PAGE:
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Wearing a suit jacket, slacks and a blue tie with yellow stripes, Ronald Holt, commander of the Chicago Police Department’s Special Activities Unit, looks like a normal businessman or typical high-ranking cop.
Underneath his dapper attire is a man who copes with the loss of his only son, Blair Holt, to gang violence on May 10, 2007. Ronald Holt now leads the Special Activities Unit—among many other duties—in working with local youth and assisting families affected by gun violence.
Blair Holt, 16, was shot in the upper stomach less than a month before his 17th birthday when a fellow student named Michael Pace aimed at a student with whom he had “beef” while riding the bus from school. Five students were struck, Blair among them. He was gunned down while shielding a friend from the fatal shot.
“Not a day goes by that I don’t think about him [and] wonder what he would be doing now,” Holt said, his loud voice softening. “It’s a daily endurance of emotion, tears every now and again…. I always see kids here and there that remind me of Blair at different stages of his life.”
Holt is not alone in his grief. Though gang-related shootings are reportedly on the decline, they continue to claim the lives of innocent victims such as Blair Holt or Antonio Smith Jr., a 9-year-old honor student from the Greater Grand Crossing neighborhood on Chicago’s South Side who was fatally shot Aug. 20 for reportedly shouting a warning to rival gang members of Pocket Town, a Gangster Disciples faction, according to a Sept. 20 Chicago Tribune report.
But solving the gang violence problem in Chicago is much more complicated than just addressing crime, shootings and gangs. From illegal guns and firearm legislation to fractured family units and education, law enforcement and advocacy groups are addressing Chicago’s complex, long-standing gang violence problems by examining multiple perspectives.
In comparison to declining non-gang related homicides, gang-related homicides declined between 1995–2002 but leveled off between 2001– 2010, illustrating that a greater proportion of all homicides in the city involve members of street gangs, according to a December 2013 study published in the Institution for Social and Policy Studies at Yale University.
According to CPD figures released in March to the Chicago Sun-Times, there were 90 gang-related shootings between Jan. 1 and March 14 of this year, a decline from 163 gang-related shootings during the same three-month period in 2013 and 223 in 2012. However, police statistics were called into question in an April 2014 Chicago Magazine article that detailed how the categorization of the city’s homicides resulted in what appeared to be a decrease in homicides. The police did not provide up-to-date statistics to The Chronicle, as of press time.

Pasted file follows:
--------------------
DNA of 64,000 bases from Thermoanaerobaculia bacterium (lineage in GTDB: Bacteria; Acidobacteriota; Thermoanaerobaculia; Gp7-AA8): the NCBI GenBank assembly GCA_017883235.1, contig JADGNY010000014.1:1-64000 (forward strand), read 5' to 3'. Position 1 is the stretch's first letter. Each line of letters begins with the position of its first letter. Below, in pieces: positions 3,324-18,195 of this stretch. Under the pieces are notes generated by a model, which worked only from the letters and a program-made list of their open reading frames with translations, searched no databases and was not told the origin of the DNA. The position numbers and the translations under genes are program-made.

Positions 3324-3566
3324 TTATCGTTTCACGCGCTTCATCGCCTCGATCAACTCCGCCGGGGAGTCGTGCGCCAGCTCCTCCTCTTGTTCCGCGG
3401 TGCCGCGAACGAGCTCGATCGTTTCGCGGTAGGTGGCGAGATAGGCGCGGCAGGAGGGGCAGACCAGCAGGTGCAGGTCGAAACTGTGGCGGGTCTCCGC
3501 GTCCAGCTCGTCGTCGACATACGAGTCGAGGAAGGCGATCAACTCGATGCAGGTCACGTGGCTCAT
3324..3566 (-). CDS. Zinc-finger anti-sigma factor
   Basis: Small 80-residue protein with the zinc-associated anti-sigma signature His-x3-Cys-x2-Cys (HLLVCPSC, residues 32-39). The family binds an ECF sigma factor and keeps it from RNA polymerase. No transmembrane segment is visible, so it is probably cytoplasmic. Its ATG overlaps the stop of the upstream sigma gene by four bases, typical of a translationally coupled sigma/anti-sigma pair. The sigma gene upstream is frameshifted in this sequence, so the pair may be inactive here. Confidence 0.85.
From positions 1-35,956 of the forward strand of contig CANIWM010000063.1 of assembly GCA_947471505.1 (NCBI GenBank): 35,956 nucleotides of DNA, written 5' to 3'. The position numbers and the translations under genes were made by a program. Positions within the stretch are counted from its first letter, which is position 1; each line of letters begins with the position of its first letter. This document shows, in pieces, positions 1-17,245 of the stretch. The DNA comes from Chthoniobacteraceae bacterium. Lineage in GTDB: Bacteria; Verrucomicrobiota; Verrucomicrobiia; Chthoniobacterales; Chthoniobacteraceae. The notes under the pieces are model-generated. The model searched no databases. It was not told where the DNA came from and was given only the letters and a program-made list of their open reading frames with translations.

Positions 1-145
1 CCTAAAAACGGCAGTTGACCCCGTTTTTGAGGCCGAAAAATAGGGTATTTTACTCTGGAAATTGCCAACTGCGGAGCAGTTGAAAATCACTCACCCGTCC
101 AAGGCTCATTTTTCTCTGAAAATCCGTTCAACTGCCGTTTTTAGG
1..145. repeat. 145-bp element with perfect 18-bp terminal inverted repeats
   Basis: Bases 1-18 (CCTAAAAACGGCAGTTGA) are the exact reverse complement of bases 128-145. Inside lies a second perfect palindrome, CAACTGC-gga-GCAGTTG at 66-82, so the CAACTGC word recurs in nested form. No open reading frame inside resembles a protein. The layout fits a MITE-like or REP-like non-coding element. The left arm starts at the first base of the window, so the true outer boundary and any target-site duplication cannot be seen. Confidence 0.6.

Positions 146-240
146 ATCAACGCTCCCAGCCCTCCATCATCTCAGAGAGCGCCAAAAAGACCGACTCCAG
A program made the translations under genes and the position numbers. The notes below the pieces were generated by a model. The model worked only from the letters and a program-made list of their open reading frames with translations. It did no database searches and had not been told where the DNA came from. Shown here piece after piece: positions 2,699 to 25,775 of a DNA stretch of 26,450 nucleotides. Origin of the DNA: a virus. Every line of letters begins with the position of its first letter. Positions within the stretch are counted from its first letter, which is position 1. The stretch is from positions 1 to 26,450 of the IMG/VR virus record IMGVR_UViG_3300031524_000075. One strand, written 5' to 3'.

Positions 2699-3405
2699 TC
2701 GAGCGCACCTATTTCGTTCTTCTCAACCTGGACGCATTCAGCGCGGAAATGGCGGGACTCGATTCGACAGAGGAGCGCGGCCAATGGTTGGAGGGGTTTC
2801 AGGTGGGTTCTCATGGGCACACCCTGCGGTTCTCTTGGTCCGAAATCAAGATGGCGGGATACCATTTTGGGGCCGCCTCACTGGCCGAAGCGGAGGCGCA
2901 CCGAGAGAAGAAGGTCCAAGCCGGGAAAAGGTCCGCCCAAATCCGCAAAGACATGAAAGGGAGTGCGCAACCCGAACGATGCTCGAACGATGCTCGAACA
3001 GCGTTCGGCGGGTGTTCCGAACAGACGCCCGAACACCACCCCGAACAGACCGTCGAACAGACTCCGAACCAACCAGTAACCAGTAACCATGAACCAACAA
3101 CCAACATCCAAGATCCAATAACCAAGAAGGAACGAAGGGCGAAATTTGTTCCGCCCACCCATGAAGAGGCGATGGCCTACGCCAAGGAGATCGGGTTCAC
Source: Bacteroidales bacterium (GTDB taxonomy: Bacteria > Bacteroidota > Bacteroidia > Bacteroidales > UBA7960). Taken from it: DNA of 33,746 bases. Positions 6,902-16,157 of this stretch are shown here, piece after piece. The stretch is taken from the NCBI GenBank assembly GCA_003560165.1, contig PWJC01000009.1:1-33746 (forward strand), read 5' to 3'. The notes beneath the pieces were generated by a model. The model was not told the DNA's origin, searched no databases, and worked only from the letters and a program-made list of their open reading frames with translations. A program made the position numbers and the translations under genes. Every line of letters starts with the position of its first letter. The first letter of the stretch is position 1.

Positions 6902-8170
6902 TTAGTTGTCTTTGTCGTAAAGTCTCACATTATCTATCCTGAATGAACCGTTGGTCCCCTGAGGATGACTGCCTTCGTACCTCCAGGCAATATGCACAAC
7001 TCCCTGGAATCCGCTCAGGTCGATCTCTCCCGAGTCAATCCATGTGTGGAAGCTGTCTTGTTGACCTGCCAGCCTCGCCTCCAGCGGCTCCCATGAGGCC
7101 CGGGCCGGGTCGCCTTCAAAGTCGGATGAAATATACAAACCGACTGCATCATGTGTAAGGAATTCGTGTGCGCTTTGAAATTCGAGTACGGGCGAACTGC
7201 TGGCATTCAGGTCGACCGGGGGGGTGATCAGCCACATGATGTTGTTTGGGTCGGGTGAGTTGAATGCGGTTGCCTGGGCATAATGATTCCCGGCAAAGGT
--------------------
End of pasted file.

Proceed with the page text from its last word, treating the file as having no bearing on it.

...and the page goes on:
It is possible that community outreach is playing a role in the decline in shootings, but homicides will remain stable in troubled communities where members of opposing gang factions share a close space and have intense conflicts with one another, Holt said.
“It’s unfortunate that the homicides continue, but you’re going to get those numbers just about anywhere you go where there’s a dense population of people,” Holt said. “Depending on what they’re fighting over seems so important to them they think that it’s ok to shoot and kill. But it’s not okay to shoot and kill [whether] they’re in a gang or not.”
Within the department’s special activities unit is the Drug Abuse Resistance Education program, in which officers go into schools and educate students on the dangers of joining gangs and abusing drugs, and the Gang Resistance Education and Training program, in which students are taught how to avoid gang violence.
Lloyd Bratz, Regional Director of D.A.R.E. America, who manages programs in states such as Illinois, Indiana and Kentucky, said the new curriculum focuses on helping youth make sound decisions rather than emphasizing the risks and outcomes of their choices, as they did with the program’s past “Just Say No” approach.
“We still talk about risks and consequences, but we also try to prevail on the individual youth to make decisions for himself or herself,” Bratz said.
The police also provide resources for communities, such as information on social service agencies and community support groups for families, finding pastoral care for families and working with the attorney general’s office to generate funding for families of crime victims, Holt said.
The CPD also runs the Officer Friendly program, in which officers visit and build better relationships with students, Holt said, adding that building trust with young people is critical.
The disconnect between law enforcement and youth can happen for several reasons. For young people, it could stem from the perception of police corruption and witnessing mistreatment by the police. For officers, it’s important to understand the communities they serve and not to judge youth based on appearance. Police must be sensitive to the community’s needs.